After the Talbott-Jaswant Singh meeting, the Government issued a statement that said that both sides had a "clearer understanding of each other's concerns" and were contemplating steps that would address these concerns. The statement, however, added that "ground still remains to be covered". Talbott told the media that all aspects of bilateral relations as well as regional and security matters were discussed. "We have established a very wide canvas on which we are seeking to paint, but we have a long way to go," he said.

Jaswant Singh said that New Delhi's known position on all security-related aspects was made explicit to Washington. One of the aims of the U.S. interlocutors was to find out whether there was any coherent or detailed nuclear doctrine in place in India.

Relative to Talbott's rank, he was accorded a rather high-profile reception in New Delhi. Talbott met Prime Minister Atal Behari Vajpayee (to whom he delivered a letter from President Clinton) and Home Minister L.K. Advani. He also called on Congress(I) president Sonia Gandhi and spent an hour with former Prime Minister I.K. Gujral, who these days is engaged in fire-fighting on behalf of the BJP in the foreign policy arena. Gujral told the media that he had told Talbott that U.S. policies had pushed the Indian people towards the "bomb direction" and that the U.S. administration should not pressure India into signing the CTBT.

Gujral is now in favour of India signing the CTBT but wants the Government to be given more time to build a consensus among the people. As External Affairs Minister and later as Prime Minister, Gujral was one of the most articulate opponents of the CTBT. The United Front government was opposed to the idea of signing the CTBT on the principled ground that the treaty did not address the question of elimination of nuclear weapons at the global level and that being a signatory to it would foreclose India's option of nuclear testing in the future. The first point still remains valid. But Gujral and the BJP think that the strategic environment has changed radically since then. Senior Ministers and officials have in recent months suddenly made the discovery that the country is surrounded by hostile powers, with additional threats coming from Diego Garcia and Myanmar. The alleged threats from Pakistan and China were articulated more openly and strongly.

Talbott tried to sell the CTBT idea to Sonia Gandhi. But although Sonia Gandhi has not been forthcoming about her views on the CTBT, some of her advisers such as Manmohan Singh, who are greatly concerned over the economic impact of the sanctions, are said to be "pragmatic" about signing the CTBT.

Interestingly, after the Sonia-Talbott meeting, a Congress(I) spokesman said that the national interest should dictate foreign policy; he, however, added that the CTBT should not be signed in its present form. India, he also said, should not sign the "discriminatory" treaty under U.S. pressure. Leader of the Opposition and former Defence Minister Sharad Pawar echoed this view. "There is a consensus within the country and within Parliament that India should not be a signatory to the CTBT because the treaty does not give equal terms to all," Pawar said. India, he said, was committed to total nuclear disarmament.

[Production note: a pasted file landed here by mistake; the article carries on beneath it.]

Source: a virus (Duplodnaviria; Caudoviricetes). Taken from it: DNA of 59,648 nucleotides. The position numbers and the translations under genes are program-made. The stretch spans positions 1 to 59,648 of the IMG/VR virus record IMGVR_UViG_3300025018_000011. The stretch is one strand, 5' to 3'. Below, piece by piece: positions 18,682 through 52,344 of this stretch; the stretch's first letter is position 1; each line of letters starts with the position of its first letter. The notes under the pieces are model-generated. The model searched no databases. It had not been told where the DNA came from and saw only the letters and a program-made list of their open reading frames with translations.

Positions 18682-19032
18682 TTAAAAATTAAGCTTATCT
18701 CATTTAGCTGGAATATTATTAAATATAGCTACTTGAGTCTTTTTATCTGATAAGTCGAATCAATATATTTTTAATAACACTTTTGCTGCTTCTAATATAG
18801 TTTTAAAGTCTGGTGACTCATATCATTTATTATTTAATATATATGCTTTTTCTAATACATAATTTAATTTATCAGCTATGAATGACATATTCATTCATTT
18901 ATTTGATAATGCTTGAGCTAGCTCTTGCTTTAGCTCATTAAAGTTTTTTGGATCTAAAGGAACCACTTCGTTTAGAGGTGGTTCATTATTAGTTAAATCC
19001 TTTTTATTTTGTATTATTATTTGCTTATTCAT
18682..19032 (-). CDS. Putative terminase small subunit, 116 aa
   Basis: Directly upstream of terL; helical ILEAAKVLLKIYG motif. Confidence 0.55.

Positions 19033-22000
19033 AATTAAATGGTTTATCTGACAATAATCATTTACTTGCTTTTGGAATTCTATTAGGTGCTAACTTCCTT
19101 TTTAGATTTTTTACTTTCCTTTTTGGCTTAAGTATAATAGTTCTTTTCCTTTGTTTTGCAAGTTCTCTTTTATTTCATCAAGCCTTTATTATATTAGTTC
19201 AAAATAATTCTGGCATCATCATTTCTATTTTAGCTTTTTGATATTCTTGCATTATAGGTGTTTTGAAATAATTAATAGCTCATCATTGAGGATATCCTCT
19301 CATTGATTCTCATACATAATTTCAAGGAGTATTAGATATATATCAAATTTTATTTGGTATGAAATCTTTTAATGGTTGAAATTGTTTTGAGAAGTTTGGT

Former Defence Minister and Samajwadi Party leader Mulayam Singh Yadav said that there was "no question of signing the CTBT."

Prakash Karat, Polit Bureau member of the CPI(M) told Frontline that there should be no question of India striking a "deal" on the CTBT with the Clinton administration. "The only deal," he said, "would be a surrender. India will not get anything substantial by signing the CTBT."

Maj.Gen. Dipankar Bannerjee of the Institute of Peace and Conflict Studies is of the view that the time for bargaining with Washington is over. The BJP-led Government is only posturing and it has no coherent policy to deal with the aftermath of Pokhran, says Bannerjee. Many independent analysts feel that the BJP is now paying the price for the "aggressive" image of itself that it cultivated over the years.

It was evident that Talbott did not come to Delhi with any "package". Instead, there are indications that Talbott's major goal is to make a "deal" with Pakistan. A bailout package from the International Monetary Fund-World Bank seems to be ready for Islamabad. In return, Pakistan is likely to sign the CTBT. The powerful U.S. farm lobby has already wangled a concession from the Clinton administration to sell wheat to Pakistan. Given the precarious state of the country's economy (see story on page 57), the Pakistan Government is getting ready to live a "ship to mouth" existence. (U.S. ships could be soon bringing food aid, a fate India faced in the 1960s during the PL 480 days.) India will have no problems paying its debts but a sluggish growth rate as a result of the sanctions seems to be inevitable.

The security scenario for India has worsened in the last three months. China, according to Bannerjee, has again got its missiles arrayed after the worsening of relations. China has a deployed weapons capability that will be difficult for India to match. The next round of the meeting of the Joint Working Group (JWG) of the two countries stands postponed indefinitely.

The Clinton administration, meanwhile, continues to insist that India sign the CTBT. When Talbott was still in Delhi, State Department spokesman James Rubin reiterated that India and Pakistan should sign the CTBT "one way or the other".

Jaswant Singh and Talbott are scheduled to meet again in the second week of August in Washington.